"The great truth of democracy, at least when it's working well, isn't about the levels of turnout at the polling stations or the noise from the opposition benches when someone who calls himself the leader gets carried away with his own sense of power. What's much more fundamental to the 2,500-year-old experiment of people trying to rule themselves can be found in its basic sense of humanity – the ability, as University of Chicago philosopher Martha Nussbaum wrote in Not for Profit, “to see other people as human beings, not simply as objects.”"--John Allemang
""Our Lord," says this author, "reverenced whatever the learner had in him of his own, and was tender in fostering this native growth––. . . . Men, in His eyes, were not mere clay in the hands of the potter, matter to be moulded to shape. They were organic beings, each growing from within, with a life of his own––a personal life which was exceedingly precious in His and His Father's eyes––and He would foster this growth so that it might take after the highest type." (Pastor Pastorum, by H. Latham, M.A., page 6.)"--quoted in Charlotte Mason, School Education
Friday, September 03, 2010
Mary Grace invests in her daughter and appreciates her boys...while still waiting for Seven. The DHM also had a post about "a boy, his catapult, and a drill bit." 'Nough said.
And in the next room, checking out a newly-repaired cassette deck with Mr. Fixit, I have an Apprentice the age of Juanita's son, who is (I'm happy to say) still going to be in the Treehouse for awhile yet, and who, although she can now sign her own absence notes, will still be darkening the halls of the public high school for one more semester. She is having trouble answering people's "what grade are you going into?" because she is now officially a high school graduate...but, like a lot of other students, she wants a few more credits before applying to university. And she's completing her apprenticeship at the same time. She's a "post grade 12."
She drives herself to see a friend in the next town, and still laughs over picture books with Crayons. She deals tactfully with senior customers at the salon, and still sometimes sticks her tongue out at her sisters. She is so grown up in a lot of ways, but she doesn't seem to mind hanging out with the rest of us Squirrels (never mind which of us claim to be grown up)...in fact, we miss her a lot on our Saturday morning trips when she's working.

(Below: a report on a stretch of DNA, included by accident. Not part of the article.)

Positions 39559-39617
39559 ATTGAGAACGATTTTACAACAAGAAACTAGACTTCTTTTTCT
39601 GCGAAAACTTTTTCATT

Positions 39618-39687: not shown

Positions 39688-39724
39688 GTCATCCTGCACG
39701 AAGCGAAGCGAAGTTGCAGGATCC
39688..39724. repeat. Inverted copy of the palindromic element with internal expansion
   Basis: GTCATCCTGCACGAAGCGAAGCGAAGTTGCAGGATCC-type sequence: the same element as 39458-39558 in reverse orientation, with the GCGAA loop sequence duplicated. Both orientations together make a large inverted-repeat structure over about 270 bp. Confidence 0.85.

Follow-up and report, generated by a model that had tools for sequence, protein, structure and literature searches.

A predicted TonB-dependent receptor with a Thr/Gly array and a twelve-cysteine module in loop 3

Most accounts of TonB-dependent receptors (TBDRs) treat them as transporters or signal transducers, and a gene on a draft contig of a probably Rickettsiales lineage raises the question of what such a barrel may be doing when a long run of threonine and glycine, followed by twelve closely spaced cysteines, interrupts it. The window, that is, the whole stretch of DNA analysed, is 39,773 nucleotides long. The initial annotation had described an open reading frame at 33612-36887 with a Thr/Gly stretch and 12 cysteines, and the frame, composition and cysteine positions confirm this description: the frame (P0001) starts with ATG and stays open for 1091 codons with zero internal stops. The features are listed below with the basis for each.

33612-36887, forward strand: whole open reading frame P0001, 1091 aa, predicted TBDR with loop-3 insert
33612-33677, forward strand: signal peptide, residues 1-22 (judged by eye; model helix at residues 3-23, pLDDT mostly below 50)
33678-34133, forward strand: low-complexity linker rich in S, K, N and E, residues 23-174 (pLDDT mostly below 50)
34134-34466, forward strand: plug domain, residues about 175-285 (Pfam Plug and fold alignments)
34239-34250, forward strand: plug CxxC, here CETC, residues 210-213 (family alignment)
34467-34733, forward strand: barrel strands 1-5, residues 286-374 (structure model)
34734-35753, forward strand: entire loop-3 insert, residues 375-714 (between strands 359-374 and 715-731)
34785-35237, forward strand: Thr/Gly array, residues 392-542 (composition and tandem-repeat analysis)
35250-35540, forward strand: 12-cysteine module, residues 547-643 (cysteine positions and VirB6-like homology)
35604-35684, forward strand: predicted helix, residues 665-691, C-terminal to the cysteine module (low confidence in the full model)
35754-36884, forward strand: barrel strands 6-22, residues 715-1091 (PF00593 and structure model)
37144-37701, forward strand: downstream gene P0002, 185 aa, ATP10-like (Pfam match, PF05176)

I'm glad I'm not a real squirrel who has to push her babies out of the nest too soon.
Our homeschool budget this year is very small. Not that we don't already have materials to use, but I haven't bought a lot new, and there isn't much room for extras.
But God often does a better job of stretching a little money than I can. If he could do it with a bit of bread for thousands...still I'm often surprised at the things that come up.
Mr. Fixit took today off, and our rainy "vacation day" included stops at a couple of thrift stores, one for-profit (you have to watch their prices) and one charitable (more reasonable). This is what came home for $11.25:
Ginnie and the Cooking Contest (not pictured, Crayons is reading it), $1 at the for-profit store. (We have two other Ginnie books that she liked.)
NIV Adventure Bible, $1--perfect for Crayons' Bible reading
Gabriel Fauré Requiem cassette, 25 cents --our term's composer
Write Away, a younger version (aimed at second graders) of Writers Inc., a book we use in middle school (we have two thrifted copies of that one). Write Away is a bit on the young side for Crayons' English, but for $2 it was worth bringing home.
Alpha to Omega: The A-Z of Teaching Reading, Writing and Spelling, by Bevé Hornsby and Frula Shear, Fourth Edition. First published 1974, this revision 1993. A British book aimed at students with dyslexia and older learners with reading difficulties; but I just liked it for its short lessons in phonics and its British-flavoured dictation sentences (some of which are not kid-friendly--be warned). "Lay the table for tea." "I cannot do my Maths tables." "Mind that the candle does not set fire to your nightdress." "We live in the lodge at the park gates of the mansion." "It was a harmless frolic, but he shouldn't have done it in public." "A cynic is a person who knows the price of everything but the value of nothing." $2 from the for-profit store.
Milliken's Sumer and Babylonia, a book of coloured transparencies, by Kent L. Forrest, copyright 1969, $1 at the for-profit store. This will be great for Crayons' Bible Archaeology and Geography study.
Two new balls of Patons Canadiana yarn, $2 each, enough to make a pair of slippers and maybe some hair scrunchies.
And the sun came out after lunch.
Thank you, Ponytails, for the photo.
Wednesday, September 01, 2010
From the archives: "It
Pays Makes-Some-People-Very-Nervous-That-You-Want To Increase Your Word Power"
Okay, have you had time yet to read the Big Words article? (First mentioned here.)
Is it undemocratic and elitist to celebrate words? Should those who do have large vocabularies back off and shut up because it might make the less erudite feel bad? (erudite: characterized by great knowledge; learned or scholarly: an erudite professor; an erudite commentary.) Did you catch that first line of the article: "With the Lord of Loquacity on trial in Chicago and schools playing down language to level the playing field...." [italics mine]
How long ago was it we were talking about that example from The Incredibles?